way to signal it, no way to call for help. I watched in frustration
as the ship steamed past, its water cannon blasting into the night.
stood facing each other. No one had ever pointed a loaded gun at
me before and staring into the barrels, I became weak with fear.
I knew I had to maintain some control. The older boy massaged the
trigger with his forefinger. He jabbed the barrel of his rifle into
my ribs, silently egging, taunting, challenging. His deep-set eyes,
like black glass marbles, drilled into mine with inexplicable anger.
I stood before him with my teeth clenched, unflinching, staring
into those depthless sockets. He poked my gut, then jabbed harder,
testing the tenderness of the meat. Emboldened, he jabbed again
as if the barrel of his gun were a bayonet. The hard metal felt
like a dull knife. Relaxing my stomach muscles lessened the pain.
I was so close; bloody hell, one little push and he’d be overboard.
I was about to do something really stupid. The older man’s
squeaky voice cut like a razor. "Money! You MONEY!" he
said in agitated jerks of English.
Yeah, sure. Money," I think I managed. As I turned, the surly
youth slammed the butt of his rifle against the back of my head.
I lurched forward, falling against the wire shrouds of the mast,
then slipped to my knees. He yanked me up by my hair and kicked
me ahead of him toward the cabin stairs.
three men stood awkwardly in the narrow cabin below, their assault
rifles too large to point. Through tears of pain I watched the old
man’s eyes scan my sea-going home. The Unicorn had none of
the toys found on most blue-water yachts. It had no radar, no sophisticated
radios, no televisions, no weather fax machines, no satellite navigating
system, not even any refrigeration (I had learned to enjoy bilge-warm
beer), only shelves of some treasured books, a mahogany box for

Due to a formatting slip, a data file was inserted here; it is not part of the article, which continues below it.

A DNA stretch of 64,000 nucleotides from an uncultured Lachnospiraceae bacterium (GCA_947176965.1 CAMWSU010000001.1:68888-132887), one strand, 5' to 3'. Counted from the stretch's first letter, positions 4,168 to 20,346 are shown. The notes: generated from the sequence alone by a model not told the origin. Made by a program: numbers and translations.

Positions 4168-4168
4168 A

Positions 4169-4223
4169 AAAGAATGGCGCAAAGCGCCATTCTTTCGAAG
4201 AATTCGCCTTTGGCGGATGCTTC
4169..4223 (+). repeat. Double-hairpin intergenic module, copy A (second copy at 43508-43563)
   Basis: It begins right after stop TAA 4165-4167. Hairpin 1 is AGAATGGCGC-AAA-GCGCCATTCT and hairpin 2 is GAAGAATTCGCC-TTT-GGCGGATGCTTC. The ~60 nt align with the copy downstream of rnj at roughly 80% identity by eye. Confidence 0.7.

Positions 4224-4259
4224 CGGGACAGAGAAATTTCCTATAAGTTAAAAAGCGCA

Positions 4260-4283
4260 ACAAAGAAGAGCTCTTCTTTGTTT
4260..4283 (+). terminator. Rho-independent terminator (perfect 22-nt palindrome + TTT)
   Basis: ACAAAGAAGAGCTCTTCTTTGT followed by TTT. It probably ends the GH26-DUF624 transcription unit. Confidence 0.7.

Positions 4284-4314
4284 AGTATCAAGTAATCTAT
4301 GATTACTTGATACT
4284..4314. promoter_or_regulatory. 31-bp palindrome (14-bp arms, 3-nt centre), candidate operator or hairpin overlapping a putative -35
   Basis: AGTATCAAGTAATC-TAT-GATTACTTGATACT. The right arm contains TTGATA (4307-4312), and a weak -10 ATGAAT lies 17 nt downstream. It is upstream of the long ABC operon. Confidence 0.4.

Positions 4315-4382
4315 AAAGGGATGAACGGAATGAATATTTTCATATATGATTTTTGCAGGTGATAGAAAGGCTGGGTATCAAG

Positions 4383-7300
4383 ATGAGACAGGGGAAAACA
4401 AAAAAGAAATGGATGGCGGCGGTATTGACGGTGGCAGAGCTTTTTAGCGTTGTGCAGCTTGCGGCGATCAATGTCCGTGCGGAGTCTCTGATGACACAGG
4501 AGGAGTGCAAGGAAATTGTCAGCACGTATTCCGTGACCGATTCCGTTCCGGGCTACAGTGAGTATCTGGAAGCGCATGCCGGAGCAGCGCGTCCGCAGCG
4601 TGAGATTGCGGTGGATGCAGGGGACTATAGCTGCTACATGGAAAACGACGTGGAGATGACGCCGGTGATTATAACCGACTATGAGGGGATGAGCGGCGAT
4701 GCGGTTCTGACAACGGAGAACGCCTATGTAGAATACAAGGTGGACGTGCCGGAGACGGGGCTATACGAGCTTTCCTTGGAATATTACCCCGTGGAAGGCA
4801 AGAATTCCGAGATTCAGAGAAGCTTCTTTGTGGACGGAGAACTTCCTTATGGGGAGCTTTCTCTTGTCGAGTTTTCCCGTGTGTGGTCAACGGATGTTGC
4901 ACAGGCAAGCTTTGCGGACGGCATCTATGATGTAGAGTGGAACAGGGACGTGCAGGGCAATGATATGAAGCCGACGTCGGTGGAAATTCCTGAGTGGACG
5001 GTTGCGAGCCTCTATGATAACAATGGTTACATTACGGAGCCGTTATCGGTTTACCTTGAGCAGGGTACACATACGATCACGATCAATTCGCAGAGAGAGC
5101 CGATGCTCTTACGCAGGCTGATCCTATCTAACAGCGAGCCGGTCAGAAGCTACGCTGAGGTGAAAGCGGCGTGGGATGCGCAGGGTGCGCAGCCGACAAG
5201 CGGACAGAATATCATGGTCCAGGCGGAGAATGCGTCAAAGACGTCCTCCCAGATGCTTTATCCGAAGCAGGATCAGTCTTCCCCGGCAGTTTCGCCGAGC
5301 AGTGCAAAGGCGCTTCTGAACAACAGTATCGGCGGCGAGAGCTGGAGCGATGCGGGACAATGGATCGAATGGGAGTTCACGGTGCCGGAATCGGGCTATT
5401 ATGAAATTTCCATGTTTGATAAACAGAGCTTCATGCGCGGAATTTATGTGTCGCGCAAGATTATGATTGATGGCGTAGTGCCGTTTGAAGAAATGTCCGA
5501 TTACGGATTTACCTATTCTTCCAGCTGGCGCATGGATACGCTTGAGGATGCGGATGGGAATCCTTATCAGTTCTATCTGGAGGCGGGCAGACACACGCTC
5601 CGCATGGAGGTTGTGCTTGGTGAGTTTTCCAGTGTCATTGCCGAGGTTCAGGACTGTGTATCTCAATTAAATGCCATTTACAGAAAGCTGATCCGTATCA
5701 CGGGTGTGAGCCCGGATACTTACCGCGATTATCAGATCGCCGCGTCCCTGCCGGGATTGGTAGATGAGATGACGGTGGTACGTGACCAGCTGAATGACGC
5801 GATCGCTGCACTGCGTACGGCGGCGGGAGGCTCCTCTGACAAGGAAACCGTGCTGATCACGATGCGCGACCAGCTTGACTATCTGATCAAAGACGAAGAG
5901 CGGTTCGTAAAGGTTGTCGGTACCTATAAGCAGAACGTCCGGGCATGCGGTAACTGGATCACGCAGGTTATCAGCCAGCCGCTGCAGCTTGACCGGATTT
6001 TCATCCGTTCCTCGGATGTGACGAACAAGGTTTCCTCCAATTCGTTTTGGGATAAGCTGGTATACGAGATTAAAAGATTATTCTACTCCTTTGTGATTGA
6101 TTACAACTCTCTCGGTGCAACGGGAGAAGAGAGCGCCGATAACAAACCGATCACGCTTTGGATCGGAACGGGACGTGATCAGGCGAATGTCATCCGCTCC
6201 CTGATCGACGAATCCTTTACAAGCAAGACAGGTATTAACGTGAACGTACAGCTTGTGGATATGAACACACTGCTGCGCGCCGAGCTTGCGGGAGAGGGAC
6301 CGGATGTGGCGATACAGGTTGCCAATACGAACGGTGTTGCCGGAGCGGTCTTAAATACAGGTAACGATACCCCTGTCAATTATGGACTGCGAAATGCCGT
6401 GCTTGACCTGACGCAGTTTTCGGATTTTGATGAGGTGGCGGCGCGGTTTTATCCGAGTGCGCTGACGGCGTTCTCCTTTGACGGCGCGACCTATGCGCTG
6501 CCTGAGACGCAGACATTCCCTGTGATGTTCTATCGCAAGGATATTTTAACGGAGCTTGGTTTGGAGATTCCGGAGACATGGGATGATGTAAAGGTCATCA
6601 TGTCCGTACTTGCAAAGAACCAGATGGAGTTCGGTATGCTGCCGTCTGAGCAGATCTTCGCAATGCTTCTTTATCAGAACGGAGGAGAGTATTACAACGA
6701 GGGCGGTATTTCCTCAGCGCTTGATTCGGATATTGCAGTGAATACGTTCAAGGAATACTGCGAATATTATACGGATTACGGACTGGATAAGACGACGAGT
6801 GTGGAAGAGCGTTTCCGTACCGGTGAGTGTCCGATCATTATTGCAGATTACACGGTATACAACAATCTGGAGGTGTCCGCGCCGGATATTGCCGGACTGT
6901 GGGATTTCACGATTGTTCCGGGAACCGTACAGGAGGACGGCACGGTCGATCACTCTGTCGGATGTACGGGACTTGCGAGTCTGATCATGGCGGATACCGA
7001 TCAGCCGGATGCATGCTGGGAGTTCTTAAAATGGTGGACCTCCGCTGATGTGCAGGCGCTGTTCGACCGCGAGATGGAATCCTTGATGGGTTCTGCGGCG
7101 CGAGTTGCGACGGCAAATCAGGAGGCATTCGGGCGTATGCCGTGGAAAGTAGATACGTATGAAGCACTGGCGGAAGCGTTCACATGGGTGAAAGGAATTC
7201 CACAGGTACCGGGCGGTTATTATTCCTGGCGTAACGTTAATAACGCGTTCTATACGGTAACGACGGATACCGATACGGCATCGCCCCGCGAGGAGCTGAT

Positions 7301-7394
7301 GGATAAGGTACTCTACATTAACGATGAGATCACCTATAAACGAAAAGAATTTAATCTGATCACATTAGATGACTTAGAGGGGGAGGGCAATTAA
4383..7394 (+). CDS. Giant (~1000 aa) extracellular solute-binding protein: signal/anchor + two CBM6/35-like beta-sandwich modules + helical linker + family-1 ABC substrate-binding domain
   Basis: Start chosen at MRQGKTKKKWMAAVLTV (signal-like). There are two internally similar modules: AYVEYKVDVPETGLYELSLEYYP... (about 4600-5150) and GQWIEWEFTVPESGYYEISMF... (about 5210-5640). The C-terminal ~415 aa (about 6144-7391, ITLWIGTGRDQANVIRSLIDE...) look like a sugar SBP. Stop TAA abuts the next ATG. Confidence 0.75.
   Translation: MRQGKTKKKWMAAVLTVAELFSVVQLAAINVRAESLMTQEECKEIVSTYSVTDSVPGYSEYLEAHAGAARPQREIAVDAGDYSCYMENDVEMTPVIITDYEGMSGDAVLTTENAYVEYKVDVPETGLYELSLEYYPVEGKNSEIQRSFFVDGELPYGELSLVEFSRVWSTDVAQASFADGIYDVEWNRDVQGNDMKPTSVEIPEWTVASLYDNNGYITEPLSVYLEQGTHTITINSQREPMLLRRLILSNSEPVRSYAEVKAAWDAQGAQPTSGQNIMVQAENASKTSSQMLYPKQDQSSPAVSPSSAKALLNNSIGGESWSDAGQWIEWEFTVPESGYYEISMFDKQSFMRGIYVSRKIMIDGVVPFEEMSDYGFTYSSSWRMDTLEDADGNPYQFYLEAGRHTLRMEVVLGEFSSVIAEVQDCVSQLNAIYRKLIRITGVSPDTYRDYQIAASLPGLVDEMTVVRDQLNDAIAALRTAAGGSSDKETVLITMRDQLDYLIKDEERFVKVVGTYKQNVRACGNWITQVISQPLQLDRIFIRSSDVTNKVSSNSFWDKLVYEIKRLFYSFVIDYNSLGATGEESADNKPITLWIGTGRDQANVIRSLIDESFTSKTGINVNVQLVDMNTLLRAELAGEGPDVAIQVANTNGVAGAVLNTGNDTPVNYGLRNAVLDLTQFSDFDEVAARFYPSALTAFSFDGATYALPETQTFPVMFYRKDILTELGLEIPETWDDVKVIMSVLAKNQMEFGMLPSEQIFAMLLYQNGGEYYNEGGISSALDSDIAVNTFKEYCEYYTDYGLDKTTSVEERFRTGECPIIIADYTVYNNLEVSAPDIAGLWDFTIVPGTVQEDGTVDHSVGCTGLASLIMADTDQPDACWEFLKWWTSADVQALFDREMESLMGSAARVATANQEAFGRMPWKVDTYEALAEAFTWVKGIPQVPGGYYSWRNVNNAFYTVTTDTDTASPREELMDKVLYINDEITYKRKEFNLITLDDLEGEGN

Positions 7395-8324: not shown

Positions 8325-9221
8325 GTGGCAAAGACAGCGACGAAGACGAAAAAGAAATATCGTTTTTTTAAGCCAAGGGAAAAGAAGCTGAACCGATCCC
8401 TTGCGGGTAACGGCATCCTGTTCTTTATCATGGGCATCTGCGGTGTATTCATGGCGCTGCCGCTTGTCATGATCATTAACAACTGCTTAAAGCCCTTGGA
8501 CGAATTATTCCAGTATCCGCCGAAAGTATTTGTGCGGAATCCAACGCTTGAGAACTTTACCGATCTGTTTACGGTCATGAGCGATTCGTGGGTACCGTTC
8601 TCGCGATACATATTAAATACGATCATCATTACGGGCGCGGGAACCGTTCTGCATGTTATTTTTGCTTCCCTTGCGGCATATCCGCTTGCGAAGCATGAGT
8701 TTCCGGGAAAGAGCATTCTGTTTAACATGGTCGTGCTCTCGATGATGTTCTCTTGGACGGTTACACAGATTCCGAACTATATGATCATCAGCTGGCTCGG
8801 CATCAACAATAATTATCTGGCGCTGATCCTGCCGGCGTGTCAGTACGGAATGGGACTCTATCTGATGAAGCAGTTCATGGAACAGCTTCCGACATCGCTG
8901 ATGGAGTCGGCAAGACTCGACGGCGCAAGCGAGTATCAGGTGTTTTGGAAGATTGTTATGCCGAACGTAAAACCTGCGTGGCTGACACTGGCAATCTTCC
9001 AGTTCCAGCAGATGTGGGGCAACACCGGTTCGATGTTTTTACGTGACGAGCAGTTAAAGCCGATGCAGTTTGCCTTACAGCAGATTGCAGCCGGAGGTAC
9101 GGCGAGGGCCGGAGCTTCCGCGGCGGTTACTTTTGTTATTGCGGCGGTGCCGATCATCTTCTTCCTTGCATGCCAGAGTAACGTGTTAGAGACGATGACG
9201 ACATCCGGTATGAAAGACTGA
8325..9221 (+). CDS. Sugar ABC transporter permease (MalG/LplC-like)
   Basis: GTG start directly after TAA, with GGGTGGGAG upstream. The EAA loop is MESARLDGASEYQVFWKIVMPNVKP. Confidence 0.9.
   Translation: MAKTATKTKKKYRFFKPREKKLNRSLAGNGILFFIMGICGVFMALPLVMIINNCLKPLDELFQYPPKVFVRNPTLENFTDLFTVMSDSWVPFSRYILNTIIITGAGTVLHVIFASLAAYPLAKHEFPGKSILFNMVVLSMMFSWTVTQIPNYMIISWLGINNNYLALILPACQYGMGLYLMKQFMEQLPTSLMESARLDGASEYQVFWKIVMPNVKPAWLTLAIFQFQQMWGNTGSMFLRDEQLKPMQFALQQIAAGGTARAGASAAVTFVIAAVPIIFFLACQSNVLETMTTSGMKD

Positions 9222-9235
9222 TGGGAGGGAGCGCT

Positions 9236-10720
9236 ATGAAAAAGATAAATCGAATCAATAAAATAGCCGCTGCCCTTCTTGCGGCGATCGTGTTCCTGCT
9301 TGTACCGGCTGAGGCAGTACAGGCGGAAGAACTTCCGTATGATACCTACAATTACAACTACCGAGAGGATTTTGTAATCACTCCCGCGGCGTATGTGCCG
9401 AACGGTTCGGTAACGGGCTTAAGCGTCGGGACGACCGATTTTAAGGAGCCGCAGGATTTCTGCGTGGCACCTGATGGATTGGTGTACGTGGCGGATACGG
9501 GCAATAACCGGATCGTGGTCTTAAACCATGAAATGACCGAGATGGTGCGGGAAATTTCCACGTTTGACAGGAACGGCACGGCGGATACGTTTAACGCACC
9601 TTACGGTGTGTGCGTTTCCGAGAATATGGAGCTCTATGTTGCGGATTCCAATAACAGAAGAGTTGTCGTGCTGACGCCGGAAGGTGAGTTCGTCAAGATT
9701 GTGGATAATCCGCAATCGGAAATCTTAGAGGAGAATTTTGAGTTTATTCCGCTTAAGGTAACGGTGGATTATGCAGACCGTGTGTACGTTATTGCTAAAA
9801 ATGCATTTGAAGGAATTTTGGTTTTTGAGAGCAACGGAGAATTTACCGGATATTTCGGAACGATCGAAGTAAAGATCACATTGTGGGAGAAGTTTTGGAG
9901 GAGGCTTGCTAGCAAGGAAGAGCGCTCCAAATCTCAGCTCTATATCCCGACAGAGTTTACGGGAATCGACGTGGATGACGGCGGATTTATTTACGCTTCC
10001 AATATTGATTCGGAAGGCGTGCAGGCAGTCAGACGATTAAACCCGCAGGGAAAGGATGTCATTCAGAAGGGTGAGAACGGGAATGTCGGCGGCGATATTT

an old sextant, and a rack for binoculars. There wasn’t much
dazed, I nodded for them to sit. I reached for the thermos of old
coffee that I had made hours earlier and with shaky hands splashed
it into some mugs and slid them across the table. There was a sickening
crunch as the Unicorn and the pirate vessel banged against each
other in the wake from a passing ship. The damage to my hull would
be considerable. The sullen youth, whose eyes never left mine, watched
me cringe at the sound of the two boats smashing against each other;
his face brightened with a thin, cruel smile.
susu," I muttered. I nodded toward an open tin of Nestlé
sweet cream. The youngest boy placed his knife in his lap, stirred
in the cream with his forefinger, and slurped his cup noisily.
old man barked something and the youngster, looking a little sheepish,
hastily put down his coffee. I noticed then the similarity between
the two boys. I poured myself a cup, opened a drawer, and pulled
out a photo of my two sons taken years before: I was cutting a birthday
cake and my face was plastered in chocolate icing; my three-year-old
hung around my neck, his fingers thick with goo, and my five-year-old
was doubled over laughing in the background. In passable Indonesian
I told the old man they were my kids and asked him if these were
his boys. The old man, who up to this point had no real face at
all, broke into a crooked grin, straightened himself proudly, and
said they were indeed and that he had two more sons back in Sumatra.
He picked up a cup and sipped. I pushed the other two cups toward
his sons; the youngest looked at his father for permission. The
other pointedly ignored the coffee and kept his eyes pinned on mine;
his challenging arrogance continued to test me. The old man and
I spoke in stilted Indonesian about his village, somewhere on a
nearby island, and my town and his admiration for America, until
impatient shouts from the boat outside reminded the old man what
they had come for.
was a tense silence. The old man stared into his cup; he pulled
nervously at his chin hairs. He raised his eyes and again looked
over the cabin. I leaned over and pulled out my binoculars from
the rack and handed them over. He slipped the strap around his neck
without acknowledgement. I watched his eldest son scan the cabin,
looking for his own booty. His eyes settled on an open carton of
Marlboros atop a row of books. I had kept the cigarettes to exchange
for fish from passing fishermen in their dugouts.
tidak bagus," I tried to joke, mimicking a current Indonesian
anti-smoking slogan; I realized at once that I sounded like a patronizing
smartass. I reached overhead and handed the carton to the humorless
old man rose. In the Islamic tradition of respect he shook my hand,
then tapped his chest lightly; he turned and ascended the companionway
steps in silence, followed by his sons. As the pirate boat motored
off into the darkness to perhaps more lucrative prey, the angry
tones of a loud and rancorous discussion drifted across the water.
I imagined they were catching hell for not returning with better
went to the side, held my throbbing head between my hands to keep
it from exploding, leaned over, and retched.